In my post yesterday, I referred briefly to having visited the Jenlain brewery in the town of that name in northern France with the late beer guru, Michael Jackson.
We spent five days on the road together, visiting small breweries in the region that had been the heartland of top-fermentation before the 1930s. Many still exist, e.g., Jenlain, St. Sylvestre, La Choulette, Ch’ti (Castelain), Lepers, Au Baron, Theillier (Bavay).
My job was to drive us to the appointed destinations, following an itinerary organized by a local beer promotion group. I helped a bit with French for Michael, but it turned out he was fairly proficient himself – one of his many multiform talents.
Newer breweries have come along since, encouraged by the world-wide interest in beer, so that there are some 40 in the region now. It’s down from over 2000 in 1900, but not so bad, considering.
In 1992 when the tourney occurred, there were just under 20 breweries including two or three large regional plants, some of which are now closed, e.g. Terken in Roubaix which had a unique, cooperative form of ownership. It lasted until 2005.
Pelforth in Lille continues, but even then was owned by Heineken.
Michael Jackson wrote up the trip, it was published in the Independent in London. You can read it here, reprinted on his website which is still maintained some 10 years after his death. Note he refers to the special, top-fermentation version of Jenlain, which I mentioned yesterday as well. I only found his 1992 article this morning, so my memory was good.
While he terms the account “Part 2” of a French safari, there was no Part 1 in the north. He met us at the Lille train station mentioned in the article, having taken the Chunnel train from London. Part 1 to my best recollection was a description of an earlier visit he made to Paris.
Jackson was, as many have testified, a very interesting person: highly intelligent, curious, hard-working, widely-read, ambitious. He was a good listener as all good journalists are. We talked about politics quite a bit and he combined an enormous respect for British history and capitalist endeavour with a decided social-democratic bent.
He was skeptical of Margaret Thatcher, whereas I was a booster, so it made for some interesting conversations over the beers.
We talked too about his (paternal) Jewish roots. Had he lived longer I think he would have explored this more; in his later writings he often adverted briefly to it, usually in the form of a joke or sentimental reflection.
I also have a clear recollection that he was well-aware of the new generation of beer writers coming up. He told me you always have to watch your guard, you have to get better and better at what you do to make sure no one catches up (not verbatim, but that was the gist).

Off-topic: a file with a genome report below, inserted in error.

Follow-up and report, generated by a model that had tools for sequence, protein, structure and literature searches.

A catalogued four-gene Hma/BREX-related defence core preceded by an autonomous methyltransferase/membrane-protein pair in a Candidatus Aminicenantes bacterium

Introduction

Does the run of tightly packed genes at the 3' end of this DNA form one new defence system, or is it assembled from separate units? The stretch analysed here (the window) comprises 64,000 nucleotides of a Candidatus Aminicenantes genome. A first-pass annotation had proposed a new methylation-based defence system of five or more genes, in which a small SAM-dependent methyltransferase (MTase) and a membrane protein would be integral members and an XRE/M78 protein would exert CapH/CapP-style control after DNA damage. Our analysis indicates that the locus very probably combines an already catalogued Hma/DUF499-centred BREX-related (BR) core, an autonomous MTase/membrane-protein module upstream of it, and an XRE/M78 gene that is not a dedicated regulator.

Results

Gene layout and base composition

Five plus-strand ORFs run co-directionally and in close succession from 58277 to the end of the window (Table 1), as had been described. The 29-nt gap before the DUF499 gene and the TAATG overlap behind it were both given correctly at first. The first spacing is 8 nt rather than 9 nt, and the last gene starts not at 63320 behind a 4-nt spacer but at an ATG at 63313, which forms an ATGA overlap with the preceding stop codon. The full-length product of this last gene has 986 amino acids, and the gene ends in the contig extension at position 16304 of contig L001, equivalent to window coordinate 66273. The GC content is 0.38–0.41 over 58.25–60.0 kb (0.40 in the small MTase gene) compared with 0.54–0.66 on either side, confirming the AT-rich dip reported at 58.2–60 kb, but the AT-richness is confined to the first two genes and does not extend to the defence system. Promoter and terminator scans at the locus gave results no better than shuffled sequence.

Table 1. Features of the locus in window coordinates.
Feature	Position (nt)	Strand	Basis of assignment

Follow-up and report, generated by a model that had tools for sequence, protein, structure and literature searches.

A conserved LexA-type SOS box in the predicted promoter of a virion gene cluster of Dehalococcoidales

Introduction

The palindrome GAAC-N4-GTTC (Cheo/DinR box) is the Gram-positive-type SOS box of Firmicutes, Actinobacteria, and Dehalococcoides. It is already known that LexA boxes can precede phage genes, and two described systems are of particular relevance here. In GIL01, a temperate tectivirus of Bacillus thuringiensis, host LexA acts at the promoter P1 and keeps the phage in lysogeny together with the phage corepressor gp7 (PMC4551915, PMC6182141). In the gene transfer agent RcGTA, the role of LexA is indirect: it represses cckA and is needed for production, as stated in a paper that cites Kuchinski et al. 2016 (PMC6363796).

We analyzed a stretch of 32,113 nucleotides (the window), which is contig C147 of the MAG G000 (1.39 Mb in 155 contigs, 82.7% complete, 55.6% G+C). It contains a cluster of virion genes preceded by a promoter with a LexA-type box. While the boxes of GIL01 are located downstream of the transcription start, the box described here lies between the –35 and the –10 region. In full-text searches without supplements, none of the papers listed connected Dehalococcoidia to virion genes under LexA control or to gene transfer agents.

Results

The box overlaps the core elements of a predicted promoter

As things turned out, he had nothing to worry about, for that matter even being absent from the scene for 10 years. In the areas he covered, he was and remains matchless. Good work has been done by not a few certainly, but in areas he never went far into. The historical field is the prime example; aspects of brewing materials and techniques, another.
Michael’s field par excellence was the sensory description of beer, as well as relating beer types to various forms of history (social, political, military) and other aspects of culture. In a word he created numerous beer styles – that is, as we think of them today (Trappist beer, Imperial stout, Vienna beer, etc.). They are all rooted in the warp and weft of modern beer culture.
Let’s give Michael the last word, about the part of our visit to Theillier in Bavay, which I remember just as he describes it:
I … head[ed] eastward for the most unusual brewery and bière de garde. In the Roman town of Bavay, in a 1670 house, the Thellier family have been brewing for as long as anyone can remember.
Amand Thellier is the brewer now, helped by his wife. They brew three times a month and there are no staff. The Thellier’s home and brewery are in the same building, and the cellars appear to have been left by the Romans.
Monsieur Thellier claims that he uses no dark malts, but the beer has a tawny colour to go with its fresh, malty aroma and its rich sweetness. He declines to elaborate upon his method.
If he really does not use dark malts, then perhaps he colours and thickens the beer by having such a vigorous boil that he caramelises and condenses the wort. If he does, a great deal goes up in steam. His product is hard to find, of course, but if you see La Bavaisienne (1068-70 [OG]), buy a bottle immediately.*
Note re image: the image above was sourced from this French retailer’s site. All intellectual property therein belongs solely to the lawful owner. Image used for educational and historical purposes. All feedback welcomed.
*R.E. Evans, in his 1905 article I discussed in the previous post, mentioned the very long boils of some northern French brewers.